Message for the C-Suite, Part 3: 10 Key Learnings for Driving Revenue Growth in Business Transformation

You can find part 1 of this series on the topic of business transformation by clicking here. Part 2 on key areas of business operability can be found here. Finally, click here for the last part on Serviceware as the key to solving current problems of digitization.

All of the elements explained in the previous posts - coupled with the knowledge I’ve gathered in my new position at Serviceware - compelled me to write these blog posts. There is a new wave of technology tools being developed and introduced to the market, which are starting to gain traction in the larger and more mature enterprises across the globe to help them with service analysis and revenue growth. Enterprise Service Management was a new term to me.

It describes technology tools which provide enterprises with a different view of their operations. Seeing and operating your business through another “lens” – for example a “value lens,” or a “cost optimization lens.”  


Operating cost management is not just about doing the same for less but about doing more and better for less.


To summarize the main points of my own experiences and learnings on Enterprise Service Management for revenue growth, they were:

  1. The need to adopt a transformation mind set in today’s globalized/digital world, which is moving at pace.

  2. Better financial reporting, planning, and analysis tools to support the C-suite make better decisions on value-enhancing strategies. The traditional reporting (and still necessary IFRS reporting methodologies) need supplementing with new technologies to drive better efficiencies and better customer care, support, and overall customer experience. NPS should be excellent everywhere.

  3. Value-based views of the company’s operations will help the C-suite make much better decisions quicker.

  4. Cost optimization is key to ensure more investment is allocated to new things and innovation strategies.

  5. Current processes and services need to be analyzed, re-engineered, and changed to provide better service to internal and external users/customers of the company’s products and services at costs which reflects their value to the enterprise. This will drive revenue growth.

  6. Generating new business is the life blood of every organization over the long term. It needs sustained and increased investment, which should be funded by savings found in the company SG&A buckets, but only if management can take the risk of diverting funds. The need for C-suite and senior executives to have a fully “transparent value view” of how they spend the company’s money should be a must to ensure these types of risk are minimized and money can be moved from “run the business” to “ change the business.”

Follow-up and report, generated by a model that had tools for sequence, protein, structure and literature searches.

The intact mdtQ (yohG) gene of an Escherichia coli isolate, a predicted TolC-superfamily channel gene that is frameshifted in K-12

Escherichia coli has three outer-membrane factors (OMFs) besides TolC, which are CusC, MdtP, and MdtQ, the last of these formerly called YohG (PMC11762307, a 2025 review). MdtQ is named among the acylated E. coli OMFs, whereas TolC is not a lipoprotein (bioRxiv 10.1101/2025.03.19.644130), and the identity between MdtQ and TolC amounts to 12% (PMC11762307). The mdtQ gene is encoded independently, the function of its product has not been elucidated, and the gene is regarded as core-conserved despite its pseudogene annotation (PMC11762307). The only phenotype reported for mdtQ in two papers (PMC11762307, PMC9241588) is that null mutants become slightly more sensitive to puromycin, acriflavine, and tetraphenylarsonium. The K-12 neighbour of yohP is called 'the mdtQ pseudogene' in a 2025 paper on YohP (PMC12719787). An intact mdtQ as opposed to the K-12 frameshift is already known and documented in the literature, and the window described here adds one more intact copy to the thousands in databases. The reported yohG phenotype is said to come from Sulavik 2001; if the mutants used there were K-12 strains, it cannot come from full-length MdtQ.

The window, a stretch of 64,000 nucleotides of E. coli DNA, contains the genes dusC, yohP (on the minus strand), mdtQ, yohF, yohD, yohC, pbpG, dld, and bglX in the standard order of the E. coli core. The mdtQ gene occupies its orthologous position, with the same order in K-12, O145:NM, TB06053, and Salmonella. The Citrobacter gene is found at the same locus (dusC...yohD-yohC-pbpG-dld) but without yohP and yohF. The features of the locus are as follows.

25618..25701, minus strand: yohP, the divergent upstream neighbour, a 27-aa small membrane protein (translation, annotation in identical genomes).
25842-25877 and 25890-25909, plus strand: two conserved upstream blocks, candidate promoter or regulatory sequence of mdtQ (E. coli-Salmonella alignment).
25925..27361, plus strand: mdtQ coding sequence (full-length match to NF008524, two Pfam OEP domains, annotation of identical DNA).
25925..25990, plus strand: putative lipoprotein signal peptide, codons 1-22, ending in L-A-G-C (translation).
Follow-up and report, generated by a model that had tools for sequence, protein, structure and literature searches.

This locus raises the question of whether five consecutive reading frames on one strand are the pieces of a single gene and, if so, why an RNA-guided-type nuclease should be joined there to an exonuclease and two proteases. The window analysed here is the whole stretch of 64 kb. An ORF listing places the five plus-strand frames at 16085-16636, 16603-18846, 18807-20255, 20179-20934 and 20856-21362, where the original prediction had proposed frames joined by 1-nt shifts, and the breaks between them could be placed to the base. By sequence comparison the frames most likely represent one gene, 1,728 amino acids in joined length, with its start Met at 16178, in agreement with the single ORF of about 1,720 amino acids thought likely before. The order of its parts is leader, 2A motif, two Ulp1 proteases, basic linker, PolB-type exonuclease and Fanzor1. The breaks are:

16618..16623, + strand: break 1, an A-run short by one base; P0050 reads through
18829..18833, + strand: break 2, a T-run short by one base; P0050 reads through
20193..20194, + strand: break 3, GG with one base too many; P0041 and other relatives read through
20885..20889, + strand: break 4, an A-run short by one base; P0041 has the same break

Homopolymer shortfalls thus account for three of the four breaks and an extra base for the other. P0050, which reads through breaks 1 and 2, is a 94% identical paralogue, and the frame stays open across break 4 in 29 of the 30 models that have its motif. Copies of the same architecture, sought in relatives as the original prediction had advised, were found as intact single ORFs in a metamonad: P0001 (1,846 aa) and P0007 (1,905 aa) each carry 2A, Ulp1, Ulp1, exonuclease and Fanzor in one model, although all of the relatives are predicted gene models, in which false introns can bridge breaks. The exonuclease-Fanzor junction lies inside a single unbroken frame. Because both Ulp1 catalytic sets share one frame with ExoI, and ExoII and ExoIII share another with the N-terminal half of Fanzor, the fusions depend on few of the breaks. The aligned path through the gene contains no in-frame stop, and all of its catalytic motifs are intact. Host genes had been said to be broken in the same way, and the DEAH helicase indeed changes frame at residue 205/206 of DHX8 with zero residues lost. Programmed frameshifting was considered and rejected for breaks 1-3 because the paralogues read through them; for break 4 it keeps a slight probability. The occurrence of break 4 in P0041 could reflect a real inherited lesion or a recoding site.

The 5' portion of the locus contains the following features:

7. Operating cost management is not just about doing the same for less but about doing more and better for less. There must be a quality gate which needs to be thought through before cost reductions are planned for. Cutting in the wrong place can have very bad consequences to the enterprises’ top and bottom lines. The need for supporting data in a form which allows wrong decisions to be avoided is paramount. This peppered with some market and customer sensitivity and knowledge and experience should help with avoiding  bad decisions.

  8. The language of business is finance, the biggest bucket of costs and increasing focus on cost are technology investments. The CIO and the rest of the C-suite all must be on the same page here. If the CIO is purely technology-driven, he misses the opportunity of being a key contributor to the business. Adoption of a financial and business mindset is key to C-suite ambitions. Technology investments need to have a financial wrapper which demonstrates business value.

  9. Cash is king in every business and the opportunity to optimize cash assets is becoming much easier to realize as the world develops into the services-based economy where everything has become or will become a service. The C-suite must try to grasp this concept and develop plans to leverage this trend. The need to ensure what to own and what to outsource and its impact on cash and quality are key decisions and again need tools to assist.

  10. Culture and the need to have supporting tools to accelerate desirable culture change is a fundamental need in today’s fast-moving competitive world. Engagement in cost ownership and value transparency across the enterprise by everyone, backed up by change management and supporting human capital programs, are essential elements of delivering and sustaining game-changing performance.

At Serviceware we recognize that these are challenging times for CIOs and CFOs, forced to make difficult decisions to ensure business liquidity. Our consultancy team has developed a series of videos and would like to offer their help.

Talk to our experts now!

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Ronnie Wilson

Written by Ronnie Wilson

Serviceware’s Group Executive Vice President, Ronnie Wilson, has over 30 years of international experience in the IT sector, including 11 years as CEO at a FTSE 100 company, taking it through the 2008 financial crisis to a sale in 2009. Now, during these difficult and uncertain times, he has written a series of blog posts that draw on his wealth of experience particularly through challenging economic environments and crises. He talks about relevant situations faced in senior leadership roles and explains challenging C-suite scenarios and how they can be managed during an economic recovery.

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